Best color for steelhead?? summer?winter??

best color for steelhead?

  • Pink

    Votes: 6 17.6%
  • purple

    Votes: 13 38.2%
  • blue

    Votes: 1 2.9%
  • or???

    Votes: 14 41.2%

  • Total voters
    34
G

golfman65

Guest
#16
I read a very enlightening article in fly fishing and tying about color and conditions..I think it's last months issue so look it up. Guy fishes what sounds like our OP and Or. and documented his flies color, outside conditions, condition of the fish etc. for the past 10+ years.

Said the old adage, dark fly dark day really didn't mean diddly..In a nutshell said dark flies catch more fish..BUT they also catch the most stale fish..Bright flies caught more fresh fish, aggressive fish..Interesting in that at times of year he'll fish different colors...like won't fish dark in the spring so he's not hooking kelts etc. Of course water temps also comes into play and I'm not going to get into that , so look up the article if you want to learn more..

This was for WINTER steelhead, summers will take dries so you can figure that out on your own..
 
#17
There was a great article last month in one of the fly magazines and I will find it and post the name and month. A guy took a 10yr research on bright fly vs dark fly utilizing different elements as to water clarity, chrome fish or dark fish, weather conditions and I believe something else. Amazing article, this guy did his job but in the end dark was all around best fly for all conditions but he did find he took more chrome fish on brighter patterns which he attributed to curiosity of fish in new elements.
 

Panhandle

Active Member
#22
I believe purple is more visible to steelhead under both high and low light conditions (unsupportable opinion). Black and blue make purple.... that has to be good, right? I do like black based flies, but I'd take purple based flies in a heart beat if I could only choose one. I'm not right, it would just give me more confidence and that's what matters most.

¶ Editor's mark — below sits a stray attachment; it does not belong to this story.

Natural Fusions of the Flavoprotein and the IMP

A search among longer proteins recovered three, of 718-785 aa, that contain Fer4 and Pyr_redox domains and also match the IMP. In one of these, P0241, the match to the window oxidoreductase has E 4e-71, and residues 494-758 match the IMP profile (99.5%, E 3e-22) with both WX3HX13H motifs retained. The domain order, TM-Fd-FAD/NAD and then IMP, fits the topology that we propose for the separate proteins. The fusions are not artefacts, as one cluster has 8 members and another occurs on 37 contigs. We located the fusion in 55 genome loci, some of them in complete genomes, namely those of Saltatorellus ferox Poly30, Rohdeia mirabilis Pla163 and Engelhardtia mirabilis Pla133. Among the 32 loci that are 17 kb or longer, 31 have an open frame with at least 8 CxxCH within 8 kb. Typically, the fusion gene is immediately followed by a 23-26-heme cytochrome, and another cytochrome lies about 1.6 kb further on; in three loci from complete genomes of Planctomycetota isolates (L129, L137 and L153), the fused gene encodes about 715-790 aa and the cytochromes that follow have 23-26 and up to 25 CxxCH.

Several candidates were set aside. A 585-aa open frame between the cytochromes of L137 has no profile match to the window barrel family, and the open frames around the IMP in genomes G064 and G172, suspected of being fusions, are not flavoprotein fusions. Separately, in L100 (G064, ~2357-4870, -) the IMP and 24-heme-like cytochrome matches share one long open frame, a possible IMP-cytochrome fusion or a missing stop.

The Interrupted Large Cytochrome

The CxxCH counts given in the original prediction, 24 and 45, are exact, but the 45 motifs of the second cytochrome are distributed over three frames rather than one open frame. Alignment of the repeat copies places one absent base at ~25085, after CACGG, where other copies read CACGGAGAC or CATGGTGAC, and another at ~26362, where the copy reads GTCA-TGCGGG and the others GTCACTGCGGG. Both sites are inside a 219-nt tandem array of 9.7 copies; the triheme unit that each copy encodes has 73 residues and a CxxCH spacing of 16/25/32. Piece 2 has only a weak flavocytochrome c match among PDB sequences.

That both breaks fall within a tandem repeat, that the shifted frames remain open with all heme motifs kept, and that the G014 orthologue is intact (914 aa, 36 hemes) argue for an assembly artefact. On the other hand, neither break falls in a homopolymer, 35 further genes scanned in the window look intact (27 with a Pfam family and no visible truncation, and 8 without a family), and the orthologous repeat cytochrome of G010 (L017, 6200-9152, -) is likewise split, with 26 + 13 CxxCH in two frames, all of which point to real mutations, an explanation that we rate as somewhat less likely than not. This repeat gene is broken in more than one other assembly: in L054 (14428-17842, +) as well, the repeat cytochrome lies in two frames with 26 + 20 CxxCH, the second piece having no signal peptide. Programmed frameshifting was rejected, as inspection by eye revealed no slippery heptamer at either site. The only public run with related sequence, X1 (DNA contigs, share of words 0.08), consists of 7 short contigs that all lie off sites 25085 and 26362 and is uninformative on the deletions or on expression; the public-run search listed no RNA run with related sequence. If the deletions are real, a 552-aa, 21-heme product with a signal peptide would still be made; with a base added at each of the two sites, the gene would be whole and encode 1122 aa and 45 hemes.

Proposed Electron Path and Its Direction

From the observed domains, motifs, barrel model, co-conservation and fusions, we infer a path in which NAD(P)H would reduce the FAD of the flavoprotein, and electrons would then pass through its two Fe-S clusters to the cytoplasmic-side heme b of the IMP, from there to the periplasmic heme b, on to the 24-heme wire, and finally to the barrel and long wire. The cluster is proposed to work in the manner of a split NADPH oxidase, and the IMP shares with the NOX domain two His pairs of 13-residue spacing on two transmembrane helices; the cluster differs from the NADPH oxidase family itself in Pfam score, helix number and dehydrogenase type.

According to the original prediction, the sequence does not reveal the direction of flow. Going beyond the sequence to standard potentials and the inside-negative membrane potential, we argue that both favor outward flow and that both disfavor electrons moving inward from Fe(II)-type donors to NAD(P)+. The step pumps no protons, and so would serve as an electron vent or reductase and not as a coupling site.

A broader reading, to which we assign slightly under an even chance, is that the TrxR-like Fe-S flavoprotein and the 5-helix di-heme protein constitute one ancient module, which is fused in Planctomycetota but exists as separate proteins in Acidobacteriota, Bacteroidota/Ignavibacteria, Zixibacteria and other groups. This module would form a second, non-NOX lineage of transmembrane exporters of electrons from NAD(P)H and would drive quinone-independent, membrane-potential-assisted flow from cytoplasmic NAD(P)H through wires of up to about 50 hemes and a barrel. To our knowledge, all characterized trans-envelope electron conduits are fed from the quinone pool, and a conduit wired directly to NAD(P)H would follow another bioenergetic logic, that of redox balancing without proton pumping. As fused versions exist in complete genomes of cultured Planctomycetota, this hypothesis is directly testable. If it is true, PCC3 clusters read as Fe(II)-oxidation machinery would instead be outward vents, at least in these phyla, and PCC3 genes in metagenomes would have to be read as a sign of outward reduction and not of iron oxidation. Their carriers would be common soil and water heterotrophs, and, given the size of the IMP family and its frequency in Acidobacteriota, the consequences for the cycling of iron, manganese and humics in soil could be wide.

KerryS

Ignored Member
#23
When ever one of these "what do you/should I use threads" comes along I learn I have been doing it all wrong for the last 30 or more years and all those steelhead I caught were a complete accident. FML
 
#25
I think color is more a choice in different water conditions, summer and winter fish are very different. So here is my winter fish thought process
Pink - early winter fish moderate to stained water on a bright day - with some flash
Orange - moderate to clear, with experience you know when to use orange - I think mid-day sun on a bright winter day
Red/Black - moderate to clear and a bright winter day - I also use burnt oragne/purple on these days as well
Purple - Really anytime - but I key in with purple on a darker overcast day Lilac is a good winter purple shade mixed with darker purple
Black/Blue - Purple/Blue - anytime on an overcast day - early or late in the day lower light conditions
Olive/Brown/Maroon - on low water when the river gets into a sustained low water pattern - I really don't like to fish those kinds of conditions but you have to when you need to. Full moon cold clear winter days.

Flash - flash is very much a personal thing in your flies and I'm still getting to the point of where and when I use it - I'm not there yet and my thoughts are evolving on flash.

Size - the size of fly your fly is another topic when it comes to winter - how big do you need to go. Bigger is not always better and then sometimes you may need that larger size profile to move that winter fish. That is a personal thing as well and each angler I fish with has his/her thoughts on this as well.

"What Fish See" by Colin J Kageyama, O.D., F.C.O.V.D. is a great read and chapter 14 on Feathers and Fur fishing will change some of what you think color is doing 3 to 6 feet under water. You may start to understand that the dying process from batch to batch in dubbing adn marabou will be different and that will change what colors the fish see from fly to fly.